I think you may be confused. First of all, your question should have been:What does the English word, 'to do', mean in Latin?Anyways, it's facio, facere.Facio is singular, while facere is plural.Answer 2: I agree with the answer, but just as a quick thing: facio is the first-person singular ("I do"), but facere is the present active infinitive ("to do"), and doesn't have number.
libenter hoc facio - I do this with pleasure
This is a latin phrase from Apocalypse 21:5,Ecce nova facio omnia, meaning "Behold: I make l things new" referring to the revelation of the New Jerusalem to St John
As a verb, "I travel" is iter facio or peregrinor. Iter facio literally means " I make a journey".As a noun, the word for travel or journey is iter or peregrinatio.
Sacrifice comes from two latin words Sacrum and Facio. it literally means "to make sacred".
The Latin verb facio, facere means "to make". Consequently, a factory is a place where things are made.
Factor, meaning doer or maker, from facio facere feci factum.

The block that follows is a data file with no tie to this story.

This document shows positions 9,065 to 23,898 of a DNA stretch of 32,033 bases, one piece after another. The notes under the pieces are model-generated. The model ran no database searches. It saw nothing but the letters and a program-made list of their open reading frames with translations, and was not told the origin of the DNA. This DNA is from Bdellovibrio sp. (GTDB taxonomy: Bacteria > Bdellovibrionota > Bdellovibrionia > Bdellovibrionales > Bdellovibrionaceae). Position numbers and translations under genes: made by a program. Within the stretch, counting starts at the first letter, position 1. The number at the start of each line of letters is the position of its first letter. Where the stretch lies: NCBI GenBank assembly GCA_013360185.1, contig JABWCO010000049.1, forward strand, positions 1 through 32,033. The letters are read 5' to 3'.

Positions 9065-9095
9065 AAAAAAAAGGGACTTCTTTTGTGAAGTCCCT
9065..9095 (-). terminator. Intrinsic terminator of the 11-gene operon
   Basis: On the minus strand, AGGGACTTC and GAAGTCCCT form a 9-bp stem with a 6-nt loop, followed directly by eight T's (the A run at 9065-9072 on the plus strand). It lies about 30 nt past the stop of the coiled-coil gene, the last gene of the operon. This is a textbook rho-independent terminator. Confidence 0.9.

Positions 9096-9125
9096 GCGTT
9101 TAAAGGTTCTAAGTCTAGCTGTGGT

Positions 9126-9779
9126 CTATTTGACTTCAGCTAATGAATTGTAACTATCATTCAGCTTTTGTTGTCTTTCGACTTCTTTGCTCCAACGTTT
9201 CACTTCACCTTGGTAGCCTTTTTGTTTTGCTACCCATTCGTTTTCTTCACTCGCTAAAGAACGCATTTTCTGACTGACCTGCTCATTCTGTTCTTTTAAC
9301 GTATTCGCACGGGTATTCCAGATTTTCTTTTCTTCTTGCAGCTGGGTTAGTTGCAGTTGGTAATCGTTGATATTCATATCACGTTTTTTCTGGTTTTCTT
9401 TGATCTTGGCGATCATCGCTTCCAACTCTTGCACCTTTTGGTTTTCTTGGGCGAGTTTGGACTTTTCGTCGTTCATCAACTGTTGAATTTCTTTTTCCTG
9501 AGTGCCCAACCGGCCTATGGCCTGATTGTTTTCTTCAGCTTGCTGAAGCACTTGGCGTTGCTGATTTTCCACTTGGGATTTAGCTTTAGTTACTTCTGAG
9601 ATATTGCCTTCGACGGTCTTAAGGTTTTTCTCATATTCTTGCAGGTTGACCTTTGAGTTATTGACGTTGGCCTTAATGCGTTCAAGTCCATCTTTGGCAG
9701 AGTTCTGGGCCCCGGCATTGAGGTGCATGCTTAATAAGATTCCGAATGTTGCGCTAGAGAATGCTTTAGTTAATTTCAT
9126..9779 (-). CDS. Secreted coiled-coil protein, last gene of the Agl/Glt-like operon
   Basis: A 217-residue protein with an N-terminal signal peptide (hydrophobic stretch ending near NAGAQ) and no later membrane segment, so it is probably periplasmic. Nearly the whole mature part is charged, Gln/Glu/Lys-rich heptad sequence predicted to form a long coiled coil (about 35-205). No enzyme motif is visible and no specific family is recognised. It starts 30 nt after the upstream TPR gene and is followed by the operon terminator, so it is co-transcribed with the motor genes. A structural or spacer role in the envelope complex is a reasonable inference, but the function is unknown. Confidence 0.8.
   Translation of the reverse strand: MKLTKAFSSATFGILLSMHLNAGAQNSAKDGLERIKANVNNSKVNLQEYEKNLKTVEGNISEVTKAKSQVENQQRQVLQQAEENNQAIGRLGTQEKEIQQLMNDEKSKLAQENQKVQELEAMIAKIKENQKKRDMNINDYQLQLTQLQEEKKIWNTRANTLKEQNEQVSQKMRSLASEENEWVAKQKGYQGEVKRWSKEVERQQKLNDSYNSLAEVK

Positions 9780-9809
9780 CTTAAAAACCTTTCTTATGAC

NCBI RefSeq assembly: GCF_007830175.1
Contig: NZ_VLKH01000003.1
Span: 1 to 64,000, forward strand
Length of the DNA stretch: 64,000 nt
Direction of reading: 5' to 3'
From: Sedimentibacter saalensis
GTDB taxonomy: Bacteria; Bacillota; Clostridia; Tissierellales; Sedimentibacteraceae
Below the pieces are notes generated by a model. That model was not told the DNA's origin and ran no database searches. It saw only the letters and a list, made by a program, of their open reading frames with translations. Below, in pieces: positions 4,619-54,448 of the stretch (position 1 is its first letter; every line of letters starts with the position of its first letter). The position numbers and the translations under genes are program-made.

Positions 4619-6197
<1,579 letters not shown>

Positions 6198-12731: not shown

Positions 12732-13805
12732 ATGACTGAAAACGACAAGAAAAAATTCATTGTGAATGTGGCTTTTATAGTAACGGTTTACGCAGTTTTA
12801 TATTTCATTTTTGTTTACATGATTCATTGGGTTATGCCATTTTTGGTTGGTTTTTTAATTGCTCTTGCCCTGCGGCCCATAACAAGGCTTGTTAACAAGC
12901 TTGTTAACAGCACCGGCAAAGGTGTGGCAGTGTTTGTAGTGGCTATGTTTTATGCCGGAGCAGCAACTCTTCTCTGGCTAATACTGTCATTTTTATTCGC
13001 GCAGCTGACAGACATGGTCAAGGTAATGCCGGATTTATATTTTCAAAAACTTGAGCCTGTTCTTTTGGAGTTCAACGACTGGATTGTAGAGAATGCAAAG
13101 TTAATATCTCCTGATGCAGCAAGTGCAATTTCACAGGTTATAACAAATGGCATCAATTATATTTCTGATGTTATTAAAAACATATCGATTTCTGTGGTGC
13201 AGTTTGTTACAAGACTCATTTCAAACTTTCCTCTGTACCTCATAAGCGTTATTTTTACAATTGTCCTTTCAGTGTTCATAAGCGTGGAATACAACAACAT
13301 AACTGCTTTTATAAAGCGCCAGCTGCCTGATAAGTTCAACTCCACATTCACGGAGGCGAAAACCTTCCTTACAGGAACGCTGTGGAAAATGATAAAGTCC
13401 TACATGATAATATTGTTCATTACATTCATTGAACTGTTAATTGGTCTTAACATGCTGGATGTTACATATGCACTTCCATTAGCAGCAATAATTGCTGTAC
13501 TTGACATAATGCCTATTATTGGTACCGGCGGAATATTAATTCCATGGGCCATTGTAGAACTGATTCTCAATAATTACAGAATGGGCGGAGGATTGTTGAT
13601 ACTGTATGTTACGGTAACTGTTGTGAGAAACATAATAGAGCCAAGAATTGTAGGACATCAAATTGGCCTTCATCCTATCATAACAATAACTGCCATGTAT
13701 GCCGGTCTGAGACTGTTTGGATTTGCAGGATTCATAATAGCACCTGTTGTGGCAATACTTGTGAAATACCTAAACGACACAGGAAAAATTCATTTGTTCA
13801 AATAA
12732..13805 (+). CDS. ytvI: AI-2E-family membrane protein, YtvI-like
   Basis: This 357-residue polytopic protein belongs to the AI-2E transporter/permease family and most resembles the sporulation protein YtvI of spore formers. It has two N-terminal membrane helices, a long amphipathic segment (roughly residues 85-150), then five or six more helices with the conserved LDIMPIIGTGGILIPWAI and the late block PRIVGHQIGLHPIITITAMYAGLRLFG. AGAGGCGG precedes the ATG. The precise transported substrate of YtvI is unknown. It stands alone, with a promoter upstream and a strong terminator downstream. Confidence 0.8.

to do, to make
Bartolomeo Facio died in 1457.
Miguel Facio Lince has written: 'Los cuentos de Miguel Facio'
ago, agere is 'to do' or 'to act' facio, facere is 'to do' or 'to make' Which one you choose depends on the rest of the sentence.
Manus manus, meaning hand, and facio facere feci factum, meaning make.
Near as I can tell... the word "sacrifice", by itself, in latin is "sacrificio". As a verb, the words "to sacrifice"is "facio". You should verify this though.
factory -- the original word is 'facio, facere, faci, factum'
"Make." It comes from the Latin word for "make," facio(faciÃ³, facere, fÃ©cÃ­, factum).
Factory is a derivative of the fourth principal part of the verb facio, facere, feci, factum= to make or to do
Lorena Clare Facio was born in 1943.
Luis Facio has written: 'Cosas de novios'
Giannina Facio's birth name is Giannina Facio Franco.
Feci is the third principle part of the verb facio, or to do/make. Because it has a t at the end, that means it is in the perfect tense, 3rd person. So fecit means he/she/it made/has made or did/has done.
I Latin? Well, that depends on whether or not you are speaking Classical Latin (the Latin spoken by Caesar), or Ecclesiastical Latin (the Latin spoken by the Catholic church.) In Classical Latin, it is pronounced: "FAW-KEY-OH" I have not studied Ecclesiastical Latin much, but it is pronounced the same way one would pronounce it it Italian. :) Hope that helps!
"To make" is facere.I make - facioyou (singular) make - faciswe make - facimusyou (plural) make - facitisthey make - faciunt